Repeated dosages of quantitative easing to kick-start economic recovery have proved totally ineffective everywhere. Yet central bankers are talking about doing it again – in larger amounts. The obsession with spending rather than saving has led governments everywhere to suppress interest rates to near zero. Under this destructive economic model governments are the worst offenders. In their craze to spend cheap money they allocate resources blindly into projects of dubious viability, for which there was no public demand in the first place. Result: huge taxpayer-borne losses.
Perhaps realizing that another wave of social unrest and failure to obtain creditor cash may well lead to a violent social upheaval, Tsipras seems to be contemplating a Plan B, one which would see Greece accept thousands of refugees destined for Europe in exchange for getting the earmarked cash without any reform.
Much of the national debate about widening inequality focuses on whether and how much to tax the rich and redistribute their income downward. But this debate ignores the upward redistributions going on every day, from the rest of us to the rich. These redistributions are hidden inside the market. The only way to stop them is to prevent big corporations and Wall Street banks from rigging the market.
Today we got yet another tortured admission of just how ugly Greek balance sheets are, the ECB has admitted what we knew months ago, namely that more than half of all Greek loans are now nonperforming, and that as much as 57% of the loans made by Piraeus Bank the bank which fared worst, are at risk with the other Greek banks not much better off.
"I feel ashamed of Europe's inability to effectively address this human drama, and of the level of debate ... where everyone tries to shift responsibility to someone else. And now, those who sowed winds are reaping whirlwinds."
10-year Puerto Rico general obligation bond yields spiked to 12.3% - the highest on record - as the island’s Government Development Bank's $354 million of principal and interest due on December 1st looms. Puerto Rico is now 450bps 'riskier' than Greece, which means Treasury Secretary Jack Lew was wrong again in not taking the German FinMin's offer in July to swap Puerto Rico for Greece...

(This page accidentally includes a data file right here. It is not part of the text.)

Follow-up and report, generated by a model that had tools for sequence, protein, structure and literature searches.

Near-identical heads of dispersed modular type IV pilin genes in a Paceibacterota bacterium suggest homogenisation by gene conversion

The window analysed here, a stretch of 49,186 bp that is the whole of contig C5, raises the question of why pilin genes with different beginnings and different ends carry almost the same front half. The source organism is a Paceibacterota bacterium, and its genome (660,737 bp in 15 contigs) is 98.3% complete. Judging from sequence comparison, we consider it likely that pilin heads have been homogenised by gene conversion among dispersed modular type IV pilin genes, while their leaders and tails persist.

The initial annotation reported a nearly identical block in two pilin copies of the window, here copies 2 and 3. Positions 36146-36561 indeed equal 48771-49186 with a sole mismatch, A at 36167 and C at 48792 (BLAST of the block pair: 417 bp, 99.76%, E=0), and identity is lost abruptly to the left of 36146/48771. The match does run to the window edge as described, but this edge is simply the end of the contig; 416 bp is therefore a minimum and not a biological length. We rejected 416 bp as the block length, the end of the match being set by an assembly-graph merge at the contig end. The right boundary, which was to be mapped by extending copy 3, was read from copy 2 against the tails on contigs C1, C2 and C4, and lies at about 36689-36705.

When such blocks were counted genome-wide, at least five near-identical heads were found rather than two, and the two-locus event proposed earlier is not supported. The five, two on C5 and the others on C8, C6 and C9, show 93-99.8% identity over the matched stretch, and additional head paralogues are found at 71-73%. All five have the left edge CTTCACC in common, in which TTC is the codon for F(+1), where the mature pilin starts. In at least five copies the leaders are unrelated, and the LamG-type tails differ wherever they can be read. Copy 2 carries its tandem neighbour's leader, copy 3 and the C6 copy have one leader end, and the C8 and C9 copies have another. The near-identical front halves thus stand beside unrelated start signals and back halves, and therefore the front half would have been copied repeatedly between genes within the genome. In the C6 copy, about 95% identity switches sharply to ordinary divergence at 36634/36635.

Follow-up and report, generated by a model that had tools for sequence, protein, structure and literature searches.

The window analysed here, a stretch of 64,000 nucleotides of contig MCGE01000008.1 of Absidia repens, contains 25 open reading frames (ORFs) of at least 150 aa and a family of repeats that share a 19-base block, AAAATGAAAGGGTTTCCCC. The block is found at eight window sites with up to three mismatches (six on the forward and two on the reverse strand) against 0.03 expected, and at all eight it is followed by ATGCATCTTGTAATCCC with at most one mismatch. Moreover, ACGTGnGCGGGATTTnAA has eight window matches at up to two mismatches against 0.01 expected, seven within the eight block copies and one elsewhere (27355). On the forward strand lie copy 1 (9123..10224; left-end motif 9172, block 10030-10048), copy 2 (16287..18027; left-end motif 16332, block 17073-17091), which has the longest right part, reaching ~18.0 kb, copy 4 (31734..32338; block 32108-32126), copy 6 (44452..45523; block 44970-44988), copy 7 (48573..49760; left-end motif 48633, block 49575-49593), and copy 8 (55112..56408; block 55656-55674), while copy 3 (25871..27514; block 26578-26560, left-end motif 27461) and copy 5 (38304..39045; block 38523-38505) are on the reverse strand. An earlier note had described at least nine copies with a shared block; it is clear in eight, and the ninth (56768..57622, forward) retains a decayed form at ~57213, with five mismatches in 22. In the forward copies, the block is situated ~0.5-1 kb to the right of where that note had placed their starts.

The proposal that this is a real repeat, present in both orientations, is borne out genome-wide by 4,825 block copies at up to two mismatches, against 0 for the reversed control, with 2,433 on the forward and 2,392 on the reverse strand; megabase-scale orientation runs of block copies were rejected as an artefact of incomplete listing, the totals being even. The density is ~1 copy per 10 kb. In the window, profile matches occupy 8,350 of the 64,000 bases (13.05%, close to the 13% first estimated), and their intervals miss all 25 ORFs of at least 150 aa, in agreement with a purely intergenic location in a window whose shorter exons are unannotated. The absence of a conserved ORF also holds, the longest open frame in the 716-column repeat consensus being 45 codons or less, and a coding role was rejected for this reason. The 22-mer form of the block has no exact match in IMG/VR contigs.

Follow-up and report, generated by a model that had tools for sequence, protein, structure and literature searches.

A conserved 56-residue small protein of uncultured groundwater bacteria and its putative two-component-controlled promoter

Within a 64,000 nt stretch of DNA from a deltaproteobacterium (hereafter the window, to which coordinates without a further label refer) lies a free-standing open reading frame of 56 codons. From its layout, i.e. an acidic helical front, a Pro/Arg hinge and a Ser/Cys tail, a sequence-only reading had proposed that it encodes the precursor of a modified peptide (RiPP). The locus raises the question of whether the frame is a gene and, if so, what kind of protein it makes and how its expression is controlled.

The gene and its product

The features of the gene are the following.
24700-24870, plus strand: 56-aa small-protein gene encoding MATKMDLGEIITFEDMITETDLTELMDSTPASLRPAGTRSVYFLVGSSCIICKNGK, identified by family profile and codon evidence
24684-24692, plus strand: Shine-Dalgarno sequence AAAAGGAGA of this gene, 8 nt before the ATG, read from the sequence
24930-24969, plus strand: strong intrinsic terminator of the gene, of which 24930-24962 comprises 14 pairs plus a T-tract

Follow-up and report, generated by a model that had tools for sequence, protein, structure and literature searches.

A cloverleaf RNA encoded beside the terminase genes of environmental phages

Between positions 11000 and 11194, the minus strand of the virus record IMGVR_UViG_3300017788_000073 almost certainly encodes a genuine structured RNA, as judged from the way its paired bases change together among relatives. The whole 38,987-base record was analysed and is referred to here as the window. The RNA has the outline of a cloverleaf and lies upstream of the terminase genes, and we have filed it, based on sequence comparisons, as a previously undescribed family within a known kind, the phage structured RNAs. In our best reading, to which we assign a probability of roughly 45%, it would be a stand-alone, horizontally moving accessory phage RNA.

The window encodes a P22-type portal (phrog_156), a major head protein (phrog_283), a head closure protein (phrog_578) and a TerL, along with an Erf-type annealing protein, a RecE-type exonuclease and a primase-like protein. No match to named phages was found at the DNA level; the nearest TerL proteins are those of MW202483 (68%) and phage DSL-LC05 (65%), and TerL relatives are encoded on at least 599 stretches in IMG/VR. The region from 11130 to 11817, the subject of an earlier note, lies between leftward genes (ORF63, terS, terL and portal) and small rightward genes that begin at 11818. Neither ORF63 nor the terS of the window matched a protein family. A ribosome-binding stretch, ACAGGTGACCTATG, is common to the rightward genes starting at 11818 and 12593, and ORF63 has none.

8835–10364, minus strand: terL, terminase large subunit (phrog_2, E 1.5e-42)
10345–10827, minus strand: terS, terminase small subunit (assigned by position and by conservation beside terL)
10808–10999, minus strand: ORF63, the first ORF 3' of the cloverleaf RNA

Venezuela has two immediate bond payments due this and next week amounting to $3.5 billion. Where did the near-insolvent country obtain the funds needed to make these debt payments? The answer: it has been dumping its gold, which its former ruler Chavez worked hard in 2011 to repatriate from London, and which its current president Maduro, just four short years later, is busy sending back to its creditors.
Well, Krugman got his wish.
Who holds the majority of the debt that would be at risk in a Russian default? Not China. Not Iran. Not Syria. No, it’s the exact same nations, and banks and funds within those nations, that are applying the sanctions against Russia. So, if Russia does default, what does it mean in terms of its political relationship with the West? Nothing. But what does it mean to its creditors? Everything... Simply put, if Putin believes that the benefits of a default outweigh the consequences to his country, he won’t hesitate to do it, no matter the international ruckus it might raise.
Germany's Suddeutsche Zeitung reports that just two (or is it three, this past summer is one big blur) months after Greece voted through its third bailout, one which will raise its debt/GDP to over 200% on a fleeting promise that someone, somewhere just may grant Greece a debt extension (which will do absolutely nothing about the nominal amount of debt), its creditors have already grown tired with the game and are refusing to pay the next Greek loan tranche of €2 billion.
"It is my duty, within my constitutional powers, to do everything possible to prevent false signals being sent to financial institutions, investors and markets"...
While even the mainstream media is now aware of the 'turn' in the credit cycle and the decoupling of high-yield credit markets from equity (and equity protection) markets, there is a lot going on under the surface of the broad lending (and borrowing) markets that warrants serious concern.
"Puerto Rico is not Greece"... but it increasingly looks like it will be in a few weeks, thanks to US taxpayers who are about to foot the bill for yet another creditor bailout.
In what amounts to a slap in the face for a coalition of Leftist lawmakers who are opposed to the austerity programs that some believe are responsible for painful economic adjustments, Portugal has reappointed PM Pedro Passos Coelho. This sets the country up for an intractable political stalemate and will serve to embed an enormous amount of uncertainty in markets going forward.
America is not Greece, but judging from the Obama administration's just-unveiled plans to bailout Puerto Rico's disastrous debt situation, the American territory may have to sacrifice a little more sovereignty to get some relief. Obama is pressing for Congress to give Puerto Rico (PR) sweeping powers to reduce its $73 billion debt burden through a form of bankruptcy protection not now available to American territories and will also ask lawmakers to establish an independent body to monitor the island’s fiscal affairs (a la Troika).